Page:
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Laxity in joints/liagment?

(17 Posts)
claw3 Sun 04-Oct-09 10:34:51

I have been told ds has this and all that Paed could tell me, was that his handwriting might suffer.

Does anyone know if this could be associated with something else?

debs40 Sun 04-Oct-09 10:47:06

Hi claw 3

Was posting earlier in the week to see how you got on with your school meeting. How did it go?

DS has ligamental laxity and hypotonia. From what I gather, it is largely considered benign and genetic.

Many children on the spectrum have this although it is not one of the diagnostic criteria and I have never been able to find any information on why there should be a connection.

I have been told it can affect writing too as the hands are very bendy.

claw3 Sun 04-Oct-09 11:04:40

Hi Debs40

After meeting even more confused than i was before to be honest.

I gave the school a list of incidents, dates and names. The school are basically telling me, these incidents did not occur based on ds giving the wrong names some of the time ie he said that girl X who sits at his lunch table did x,y and z. The school are saying there isnt a girl X, who sits at the same lunch table as him.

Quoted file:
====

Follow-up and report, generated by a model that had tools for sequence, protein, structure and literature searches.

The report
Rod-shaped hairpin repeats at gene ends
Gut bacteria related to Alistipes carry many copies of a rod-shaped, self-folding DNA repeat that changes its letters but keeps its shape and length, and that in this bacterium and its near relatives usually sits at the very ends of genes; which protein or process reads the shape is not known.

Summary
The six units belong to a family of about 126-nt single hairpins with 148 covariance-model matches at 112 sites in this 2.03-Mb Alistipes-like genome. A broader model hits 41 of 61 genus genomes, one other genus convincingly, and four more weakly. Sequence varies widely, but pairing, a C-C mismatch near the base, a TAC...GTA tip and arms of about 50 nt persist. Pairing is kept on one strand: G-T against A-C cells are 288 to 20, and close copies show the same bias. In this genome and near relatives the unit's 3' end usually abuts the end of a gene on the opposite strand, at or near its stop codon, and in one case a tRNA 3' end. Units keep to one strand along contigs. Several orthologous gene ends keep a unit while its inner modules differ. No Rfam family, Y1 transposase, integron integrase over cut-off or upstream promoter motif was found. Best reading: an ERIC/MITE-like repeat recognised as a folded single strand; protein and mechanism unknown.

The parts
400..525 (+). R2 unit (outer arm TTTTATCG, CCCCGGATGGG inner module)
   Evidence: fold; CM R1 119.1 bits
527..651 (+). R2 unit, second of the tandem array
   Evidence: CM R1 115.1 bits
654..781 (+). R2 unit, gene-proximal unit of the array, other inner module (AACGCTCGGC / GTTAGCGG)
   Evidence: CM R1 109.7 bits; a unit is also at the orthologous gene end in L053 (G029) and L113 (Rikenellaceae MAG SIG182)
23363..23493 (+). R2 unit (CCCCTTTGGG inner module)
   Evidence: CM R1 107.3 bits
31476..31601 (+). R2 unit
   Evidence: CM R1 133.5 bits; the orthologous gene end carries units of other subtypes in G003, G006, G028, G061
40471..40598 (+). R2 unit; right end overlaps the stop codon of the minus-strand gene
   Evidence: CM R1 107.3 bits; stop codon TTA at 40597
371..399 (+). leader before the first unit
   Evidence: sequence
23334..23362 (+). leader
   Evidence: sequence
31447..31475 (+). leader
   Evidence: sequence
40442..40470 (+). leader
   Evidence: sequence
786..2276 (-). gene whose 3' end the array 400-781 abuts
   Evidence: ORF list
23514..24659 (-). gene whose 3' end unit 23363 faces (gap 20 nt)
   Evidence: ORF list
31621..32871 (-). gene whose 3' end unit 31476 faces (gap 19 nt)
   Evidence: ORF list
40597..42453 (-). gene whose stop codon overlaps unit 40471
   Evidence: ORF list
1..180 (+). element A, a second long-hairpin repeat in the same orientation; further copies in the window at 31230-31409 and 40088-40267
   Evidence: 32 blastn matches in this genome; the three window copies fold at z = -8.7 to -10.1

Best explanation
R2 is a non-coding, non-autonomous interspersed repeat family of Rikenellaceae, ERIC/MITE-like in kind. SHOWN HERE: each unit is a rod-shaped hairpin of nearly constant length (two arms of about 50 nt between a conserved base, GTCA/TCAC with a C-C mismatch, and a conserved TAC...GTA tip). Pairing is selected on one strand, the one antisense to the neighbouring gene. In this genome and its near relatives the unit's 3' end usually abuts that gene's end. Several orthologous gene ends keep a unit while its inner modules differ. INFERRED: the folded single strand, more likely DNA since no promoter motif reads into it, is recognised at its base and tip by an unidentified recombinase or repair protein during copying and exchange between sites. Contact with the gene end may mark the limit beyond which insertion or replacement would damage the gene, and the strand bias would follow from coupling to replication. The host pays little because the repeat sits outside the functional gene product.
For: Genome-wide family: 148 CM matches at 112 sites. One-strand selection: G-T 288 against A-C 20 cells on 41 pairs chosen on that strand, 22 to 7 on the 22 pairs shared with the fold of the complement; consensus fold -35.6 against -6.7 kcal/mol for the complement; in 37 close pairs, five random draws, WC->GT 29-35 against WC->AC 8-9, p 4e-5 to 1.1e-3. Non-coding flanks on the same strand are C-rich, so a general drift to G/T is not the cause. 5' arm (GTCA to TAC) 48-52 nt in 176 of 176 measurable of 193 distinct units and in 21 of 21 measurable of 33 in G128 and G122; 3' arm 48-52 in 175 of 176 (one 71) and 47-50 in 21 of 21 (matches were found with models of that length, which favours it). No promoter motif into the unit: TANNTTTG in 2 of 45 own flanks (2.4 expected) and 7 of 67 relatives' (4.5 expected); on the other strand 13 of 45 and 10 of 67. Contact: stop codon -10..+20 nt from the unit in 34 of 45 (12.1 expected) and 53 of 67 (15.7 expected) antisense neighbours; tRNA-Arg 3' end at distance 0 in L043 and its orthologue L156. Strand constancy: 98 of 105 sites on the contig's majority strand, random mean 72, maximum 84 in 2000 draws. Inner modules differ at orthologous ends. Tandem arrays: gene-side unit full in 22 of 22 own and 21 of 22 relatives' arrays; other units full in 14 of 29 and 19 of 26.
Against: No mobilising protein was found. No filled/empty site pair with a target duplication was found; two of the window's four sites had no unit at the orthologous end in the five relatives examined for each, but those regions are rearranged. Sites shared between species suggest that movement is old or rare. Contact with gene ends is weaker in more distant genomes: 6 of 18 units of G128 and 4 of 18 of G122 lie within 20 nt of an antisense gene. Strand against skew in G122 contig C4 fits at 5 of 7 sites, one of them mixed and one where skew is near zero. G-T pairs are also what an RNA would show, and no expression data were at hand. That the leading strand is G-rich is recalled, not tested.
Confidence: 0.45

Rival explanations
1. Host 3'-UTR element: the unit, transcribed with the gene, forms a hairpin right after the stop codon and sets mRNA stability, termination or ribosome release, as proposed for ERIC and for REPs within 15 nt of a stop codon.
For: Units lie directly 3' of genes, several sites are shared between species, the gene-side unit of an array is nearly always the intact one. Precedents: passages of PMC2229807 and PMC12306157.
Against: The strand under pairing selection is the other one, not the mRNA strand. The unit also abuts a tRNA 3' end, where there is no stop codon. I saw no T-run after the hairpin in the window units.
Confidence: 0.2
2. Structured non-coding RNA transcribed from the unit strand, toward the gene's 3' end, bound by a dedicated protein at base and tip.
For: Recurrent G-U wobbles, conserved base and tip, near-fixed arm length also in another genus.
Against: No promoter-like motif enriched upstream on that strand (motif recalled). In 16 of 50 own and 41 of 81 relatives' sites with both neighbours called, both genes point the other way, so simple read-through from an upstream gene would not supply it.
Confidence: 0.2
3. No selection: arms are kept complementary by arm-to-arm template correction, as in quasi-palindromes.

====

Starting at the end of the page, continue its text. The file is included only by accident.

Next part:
Although i did point out he has great difficulty remember names, he may well have got the wrong name, but doesnt mean it didnt happen.

They are saying if he cannot give correct names, they then cant follow up the incident.

However he has been given a mentor and a pass so he can go to her room whenever he wants and various cards to help him explain his needs. A referral to a place which helps children to read social cues etc and he has been far happier about going to school.

claw3 Sun 04-Oct-09 11:29:24

Thanks Debs40 just googled hypotonia, as you said it is a potential manifestation of many different diseases and disorders.

Ds doesnt have a dx yet, just lots of symptoms which all seem to point to autism.

He also has extremely pale skin, which everyone always comments on, but no explanation as to why.

debs40 Sun 04-Oct-09 11:46:09

Claw 3 - how frustrating for you with the school although it looks like things are looking up if they are putting things in place to help. Does he have a home/school book? I'm just setting one of those up with DS so I can point out issues as soon as they arise and hopefully nip things in the bud.